Almost two million workers were unemployed or fully furloughed in January – and had been for at least six months – highlighting the scale of lasting damage to the UK’s labour force that will need to be addressed in the Budget, according to new research published by the Resolution Foundation.
Long Covid in the labour market – supported by the Health Foundation – examines the state of the labour market during the current lockdown, the cumulative impact of the longer than expected crisis so far, and workers’ prospects for the months ahead as the economy starts to recover.
The report finds that the number of workers on the Job Retention Scheme (JRS) has risen to around 4.5 million during the current lockdown – half the 9 million peak during the first lockdown – showing that its impact on the labour market has been far less severe as firms have adapted to operating through the pandemic.
Instead, the cumulative impact of a crisis that has lasted almost a year is causing the biggest challenges in the labour market. While all recessions cause a rise in long-term unemployment, this crisis poses new challenges in the form of long-term furlough.
The report finds that around 700,000 workers had been unemployed for at least six months in January, while a further 500,000 workers had been fully furloughed (not working any hours) for that many months. Because some people have moved between unemployment and full furlough in recent months, the total number who were unemployed or fully furloughed in January, and had been so for at least six months, was 1.9 million.
The Foundation says that while those on long-term furlough have had far greater financial support, and have an easier route back into work (through their current employer), than those who have lost their jobs, they face many of the same challenges in terms of a loss of skills and missing out on earnings growth.
The report shows that while the outlook for the economy has improved, many workers remain concerned about their own job prospects.
Around 8 per cent of workers currently employed either expect to lose their jobs in the next three months, or have been told that they would be made redundant. This figure rises to 21 per cent among those who have been furloughed for at least six months of the crisis.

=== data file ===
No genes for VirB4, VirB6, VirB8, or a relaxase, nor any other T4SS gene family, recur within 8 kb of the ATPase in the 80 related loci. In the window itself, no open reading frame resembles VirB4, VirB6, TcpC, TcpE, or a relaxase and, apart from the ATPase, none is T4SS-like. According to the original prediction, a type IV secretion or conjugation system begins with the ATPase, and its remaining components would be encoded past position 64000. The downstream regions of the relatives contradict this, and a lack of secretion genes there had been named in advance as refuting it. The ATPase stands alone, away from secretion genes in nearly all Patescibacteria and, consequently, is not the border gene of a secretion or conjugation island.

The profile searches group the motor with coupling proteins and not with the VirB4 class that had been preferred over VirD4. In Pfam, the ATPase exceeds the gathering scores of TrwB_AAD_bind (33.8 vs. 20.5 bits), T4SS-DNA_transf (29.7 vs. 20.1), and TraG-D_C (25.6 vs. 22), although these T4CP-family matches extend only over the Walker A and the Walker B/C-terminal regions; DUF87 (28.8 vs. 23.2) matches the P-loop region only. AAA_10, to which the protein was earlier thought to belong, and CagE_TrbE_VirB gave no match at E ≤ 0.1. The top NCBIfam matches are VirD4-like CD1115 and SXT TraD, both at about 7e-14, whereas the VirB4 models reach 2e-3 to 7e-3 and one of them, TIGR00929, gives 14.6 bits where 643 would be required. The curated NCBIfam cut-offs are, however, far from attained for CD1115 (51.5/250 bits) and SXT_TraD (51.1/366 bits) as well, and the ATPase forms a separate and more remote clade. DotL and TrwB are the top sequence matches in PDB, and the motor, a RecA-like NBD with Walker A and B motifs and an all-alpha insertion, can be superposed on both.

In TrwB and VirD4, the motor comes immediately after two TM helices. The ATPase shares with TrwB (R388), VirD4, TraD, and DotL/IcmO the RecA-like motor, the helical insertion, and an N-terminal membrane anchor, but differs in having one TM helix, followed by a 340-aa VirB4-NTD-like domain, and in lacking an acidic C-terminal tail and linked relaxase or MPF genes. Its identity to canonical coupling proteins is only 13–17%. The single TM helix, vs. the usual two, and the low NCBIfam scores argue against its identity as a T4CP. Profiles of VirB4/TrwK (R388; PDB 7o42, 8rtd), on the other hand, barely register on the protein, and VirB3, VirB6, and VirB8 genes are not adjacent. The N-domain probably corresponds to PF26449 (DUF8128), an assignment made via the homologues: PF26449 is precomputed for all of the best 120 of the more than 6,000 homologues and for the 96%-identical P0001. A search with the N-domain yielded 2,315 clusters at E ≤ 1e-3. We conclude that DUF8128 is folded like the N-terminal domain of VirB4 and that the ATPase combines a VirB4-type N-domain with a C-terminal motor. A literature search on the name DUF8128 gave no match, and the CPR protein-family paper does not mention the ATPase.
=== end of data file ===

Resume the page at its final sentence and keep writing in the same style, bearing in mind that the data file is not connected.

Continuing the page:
The Foundation says the Chancellor should respond to the risk of long Covid in the labour market by setting out his own roadmap for phasing out the JRS that is sensitive to public health restrictions and the sectoral nature of the crisis.
The report calls for the full JRS to remain in place for several months after public health restrictions have been lifted to give firms time to bring staff back, and remain in place for longer in sectors still subject to legal restrictions, such as hospitality and leisure. The JRS should then be phased out by gradually, increasing the minimum hours required of workers in order for support to be provided.
The Chancellor also needs to ensure support for the long-term unemployed is delivered by extending the Kickstart Scheme into next year, the Foundation says, and that long periods of furlough are taken into account when it comes to deciding which workers access extra back to work support via the Restart Scheme.
Finally, the Chancellor can encourage wider job creation by introducing a wage subsidy scheme targeted at maximising employment in hard-hit sectors, or raising the National Insurance threshold on new starters, and investing directly in new jobs in areas such as social care, the Foundation says.
Nye Cominetti, Senior Economist at the Resolution Foundation, said: “Ten months into the crisis, almost two million people have now been affected by long Covid in the labour market, having not worked for at least six months.
“And while the UK’s economic prospects are finally looking up, job insecurity remains high, particularly among those who have spent long periods not working, or who are currently furloughed.
“The Chancellor must use his Budget to set out his own roadmap for phasing out the furlough scheme gradually and in a way that acknowledges where the risks of rising unemployment are highest – in sectors like hospitality.
“This would keep a lid on rising unemployment and encourage firms to bring back existing workers, while tax breaks on hiring could help more people to move jobs too.”